Prime Minister Narendra Modi, in his Independence Day speech, expressed satisfaction that his government was able to auction some 135 commercial FM frequencies for over Rs.1000 crore ($152 million), while claiming that there was pressure on him not to auction the frequencies. Modi said (in Hindi): “I was asked why we are auctioning FM radio, a medium, which is of use to the common man and doesn’t entail much earnings….”

But others say that the objections to auctioning FM frequencies might have some basis, pointing out that Rs.1000 crore is about one-third of what the state spends on the officially supported Prasar Bharati broadcaster each year.

“Rs.1000 crore is peanuts, compared to the great social and economic benefits that could accrue if FM frequencies were deployed in media-dark towns, rural and border areas first, where there is no local radio at present. That’s two-thirds of the country,” said community radio supporter Sajan Venniyoor.

FM radio in India — mostly AIR FM stations — covers about 30 percent of India’s territory and 45 percent of the population. Some observers feel that expanding FM coverage in deprived areas should be a priority, instead of continuing to sell frequencies in cities where FM is already well established.

So a city like Delhi, which already has eight private FM channels and three AIR FM channels (FM Rainbow, FM Gold and Vividh Bharati), all playing more or less the same kind of music, will now get one more FM channel.

By selling to the highest bidder, not allowing independent news and not insisting on diversity of language and programming, some could criticize government policy for having reduced FM radio to cookie-cutter stations all playing Top 20 film songs.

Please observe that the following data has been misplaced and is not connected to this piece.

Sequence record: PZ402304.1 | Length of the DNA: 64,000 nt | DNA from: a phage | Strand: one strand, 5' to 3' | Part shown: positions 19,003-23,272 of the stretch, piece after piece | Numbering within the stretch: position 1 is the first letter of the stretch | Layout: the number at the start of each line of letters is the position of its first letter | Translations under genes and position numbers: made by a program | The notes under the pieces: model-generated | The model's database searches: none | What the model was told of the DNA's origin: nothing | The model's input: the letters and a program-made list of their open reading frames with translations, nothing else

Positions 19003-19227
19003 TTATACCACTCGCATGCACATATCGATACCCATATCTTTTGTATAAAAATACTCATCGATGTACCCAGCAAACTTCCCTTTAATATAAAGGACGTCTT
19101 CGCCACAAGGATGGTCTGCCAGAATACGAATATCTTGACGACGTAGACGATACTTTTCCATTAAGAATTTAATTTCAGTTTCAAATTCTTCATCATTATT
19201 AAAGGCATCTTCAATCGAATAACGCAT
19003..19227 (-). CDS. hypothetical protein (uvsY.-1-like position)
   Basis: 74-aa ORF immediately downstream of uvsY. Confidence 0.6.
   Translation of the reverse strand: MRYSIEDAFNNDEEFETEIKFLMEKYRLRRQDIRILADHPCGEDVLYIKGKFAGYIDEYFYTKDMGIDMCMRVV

The Indian government argues that FM radio needs to cover the entire country, and says it has decided that every city with a population of 100,000 or more should be included in the auctions. Indian minister of state for information and broadcasting Colonel Rajyavardhan Singh Ratore said in an interview recently that such a policy would ensure that “there will be a large number of cities that will see the advent of multiple FM radio stations.” The government has promised a “transparent e-auction,” with external observers to monitor the auction.

Under Phase III rules, private FM stations will not be allowed to broadcast their own news, but can relay bulletins of the state-run All India Radio. Broadcasts pertaining to sporting events, traffic and weather, coverage of cultural events, festivals, exams, admissions, public announcements, natural calamities, health alerts will be allowed.

Private operators have been allowed to own more than one channel, but not over 40 percent of the total channels in a city, subject to a minimum of three different operators in the city. The networking of channels will be permissible within a private FM broadcaster’s own network across the country henceforth.

“The bids are not unrealistic but they seem to be pushing the bounds of realism…most of the players have bid very aggressively in the markets that are key media consumption markets,” said Nisha Narayanan, chief operating officer for Red FM.

“While we expected demand to go high in some major markets like Delhi, Bangalore, Chennai, Mumbai and the like, Bhubaneswar and Guwahati kind of emerged as a surprise. Delhi, Mumbai, Bangalore Chennai have also gone beyond reasonable prices. Looking at it from demand-and-supply angle, it looks like in some markets the bids have over shot. On the other hand, there are as many as 13 cities that have seen no bid and some of them are prominent cities. So yes, there are some surprises in this auction.”

More than surprises though, the question remains as to how well India can regulate its FM market and create a useful, varied radio landscape for the entire country. It may take years to find the answer.

Frederick Noronha reports on the industry from Goa, India.